Chrononauts #3 Review

Written by: Mark Millar

Art by: Sean Gordon Murphy

Publisher: Image

We’re now only one issue away from the finale of Millar and Murphy’s Chrononauts, and after a strong issue last time, we’re unfortunately back with the same issues that plagued the series opening. This series strangely both feels too short and too long, with only four issues there’s not enough time to explore our main characters, meaning a lot of character turns and moments feels out of place or even forced. At the same time however the series feels so padded and doesn’t know what it wants to do. This has never been clearer than this issue, which doesn’t leave me feeling confident about the series finale.

The issue starts on a strong note with the same humour that made the last issue such a blast. Admittedly the jokes are pretty predictable, but it’s harmless fun so I don’t really mind. This leads right into the heart of the issue, an action packed chase scene throughout the time stream. There’s a great summer blockbuster spectacle to the scene, much like last trip through the time stream it serves mostly to show off Murphy’s ability to gorgeously depict scenes throughout history, but on a storytelling level it leads to a much more exciting issue. There are two problems that deter from the fun however; Millar’s cynicism and the books lack of substance. Unlike the humour and juvenile hijinks from last time, there’s a very mean spirit in this issue. Several civilians die at the hands of the rampage through the time stream, mostly due to the villains chasing Danny and Corben. It not only makes the villains look dumb and clichéd (I swear I’m so sick of villains being made to look evil because they refer to civilians as “acceptable casualties”, especially considering in this case it makes no sense, completely contradicting their reasons for apprehending our protagonists) it puts a very down note on the previously fun adventures. I’m sure this was Millar’s intentions given Corben’s sudden change of heart by the end of the issue, but this only further highlights how little substances the comic has. The chase scene lasts so long that there’s no room at all for any build up to Danny’s change of heart, it doesn’t feel natural at all, it’s more like “the series is ending next issue, better learn something!” Even worse, there are some weird attempts to have a “message” about addiction and especially alcoholism that comes completely out of nowhere as if to give meaning to the character’s actions. If Millar wanted to show some character growth or development however, then more time should havee been devoted to fleshing out the main cast, so far they’ve felt just like two-dimensional man children. I had no problem with this last issue when the series when the focus was on humour, but when trying to elicit some serious drama the comic just falls flat on its face.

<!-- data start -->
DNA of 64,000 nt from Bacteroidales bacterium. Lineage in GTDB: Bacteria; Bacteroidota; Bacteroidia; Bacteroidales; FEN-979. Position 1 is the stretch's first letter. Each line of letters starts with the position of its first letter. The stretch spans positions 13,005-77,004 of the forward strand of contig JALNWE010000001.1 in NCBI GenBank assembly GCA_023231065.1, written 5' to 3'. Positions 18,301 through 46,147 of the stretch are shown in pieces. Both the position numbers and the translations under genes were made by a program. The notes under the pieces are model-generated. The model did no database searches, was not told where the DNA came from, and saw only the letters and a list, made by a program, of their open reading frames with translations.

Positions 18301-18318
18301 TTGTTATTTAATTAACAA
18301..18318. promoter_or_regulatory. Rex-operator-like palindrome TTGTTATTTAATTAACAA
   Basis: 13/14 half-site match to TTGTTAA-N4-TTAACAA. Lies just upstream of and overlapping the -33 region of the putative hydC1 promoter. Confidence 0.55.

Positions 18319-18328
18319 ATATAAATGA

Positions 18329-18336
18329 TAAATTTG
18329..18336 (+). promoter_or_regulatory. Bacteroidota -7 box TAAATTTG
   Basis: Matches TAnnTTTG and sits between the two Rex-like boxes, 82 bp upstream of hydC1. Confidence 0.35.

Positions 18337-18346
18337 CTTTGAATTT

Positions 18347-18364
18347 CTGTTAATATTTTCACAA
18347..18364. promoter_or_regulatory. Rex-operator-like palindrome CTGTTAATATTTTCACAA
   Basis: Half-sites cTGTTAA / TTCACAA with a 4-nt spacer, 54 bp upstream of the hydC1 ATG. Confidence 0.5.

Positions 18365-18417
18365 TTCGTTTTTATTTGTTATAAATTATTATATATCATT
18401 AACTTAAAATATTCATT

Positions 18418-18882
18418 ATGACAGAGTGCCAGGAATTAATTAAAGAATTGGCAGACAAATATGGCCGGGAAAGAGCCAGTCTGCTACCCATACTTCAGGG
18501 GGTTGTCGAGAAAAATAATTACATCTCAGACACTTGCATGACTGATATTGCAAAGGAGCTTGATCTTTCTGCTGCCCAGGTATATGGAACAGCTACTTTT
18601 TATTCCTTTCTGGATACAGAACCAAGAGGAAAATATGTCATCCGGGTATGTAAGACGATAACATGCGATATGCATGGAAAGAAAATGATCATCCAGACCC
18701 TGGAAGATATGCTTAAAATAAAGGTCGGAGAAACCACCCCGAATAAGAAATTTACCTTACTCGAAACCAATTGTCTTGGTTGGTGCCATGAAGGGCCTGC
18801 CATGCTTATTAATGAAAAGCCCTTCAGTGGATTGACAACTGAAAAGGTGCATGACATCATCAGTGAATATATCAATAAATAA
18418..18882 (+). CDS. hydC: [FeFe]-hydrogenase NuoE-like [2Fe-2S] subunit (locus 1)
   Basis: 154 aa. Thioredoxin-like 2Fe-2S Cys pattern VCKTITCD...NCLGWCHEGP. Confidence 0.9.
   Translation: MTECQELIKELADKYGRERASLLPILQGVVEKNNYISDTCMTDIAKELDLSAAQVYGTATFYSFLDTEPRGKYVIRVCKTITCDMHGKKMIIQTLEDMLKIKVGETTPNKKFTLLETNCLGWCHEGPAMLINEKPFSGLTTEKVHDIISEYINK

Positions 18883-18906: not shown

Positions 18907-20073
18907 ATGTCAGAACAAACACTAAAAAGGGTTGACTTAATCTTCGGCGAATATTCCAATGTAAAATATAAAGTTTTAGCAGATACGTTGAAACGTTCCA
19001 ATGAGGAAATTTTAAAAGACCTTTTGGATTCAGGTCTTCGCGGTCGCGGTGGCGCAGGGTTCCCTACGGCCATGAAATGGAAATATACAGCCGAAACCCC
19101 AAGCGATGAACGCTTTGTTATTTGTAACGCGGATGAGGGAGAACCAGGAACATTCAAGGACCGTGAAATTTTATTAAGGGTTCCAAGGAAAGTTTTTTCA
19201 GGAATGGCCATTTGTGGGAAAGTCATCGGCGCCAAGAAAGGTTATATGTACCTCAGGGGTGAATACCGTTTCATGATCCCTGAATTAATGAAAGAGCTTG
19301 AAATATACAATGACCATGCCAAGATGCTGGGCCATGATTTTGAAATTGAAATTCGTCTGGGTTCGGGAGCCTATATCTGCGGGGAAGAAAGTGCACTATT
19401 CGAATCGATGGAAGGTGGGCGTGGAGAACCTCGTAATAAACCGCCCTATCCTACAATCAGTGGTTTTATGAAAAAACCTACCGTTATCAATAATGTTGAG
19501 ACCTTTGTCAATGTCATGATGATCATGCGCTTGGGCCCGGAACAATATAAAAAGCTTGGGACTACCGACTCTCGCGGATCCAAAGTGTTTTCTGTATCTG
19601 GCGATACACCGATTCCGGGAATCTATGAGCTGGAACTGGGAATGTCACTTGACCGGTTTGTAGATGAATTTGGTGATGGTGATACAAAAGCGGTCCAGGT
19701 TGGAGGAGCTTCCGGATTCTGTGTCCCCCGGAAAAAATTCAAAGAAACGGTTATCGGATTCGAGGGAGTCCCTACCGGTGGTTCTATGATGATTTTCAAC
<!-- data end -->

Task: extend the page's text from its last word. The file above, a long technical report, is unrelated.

By issue’s end, it doesn’t feel like the story has progressed very far. There’s too much time devoted to pointless action that makes the turnaround at the end feel entirely disingenuous. The pacing choices seem even more questionable when a new villain is introduced to give the issue a cliffhanger. Given that the series concludes next issue, I find this an odd choice and makes me worry that the same problems that plagued this issue, too much focus on action leading to rushed character work, will prevail in the series finale. This series just seems to suffer from an identity crisis, it doesn’t know whether it wants to be a funny, madcap romp with the wrong people using time travel, a blockbuster action film or a dramatic look at the consequences of not growing up. I feel either better planning and focus on these areas or more issues were needed in order to give the themes more room to breathe or the characters time to grow. As it stands there’s simply not enough room for these themes with too much padding which distracts from the potentially bigger questions, with this sudden reach for depth detracting from what makes the series fun. With only one issue to go I’ll see the series to its end, but feel a little disheartened that Millar seems to both ignore what makes the series good and throws away a lot of potential for what could’ve made a great series if it had been a little longer and more ambitious.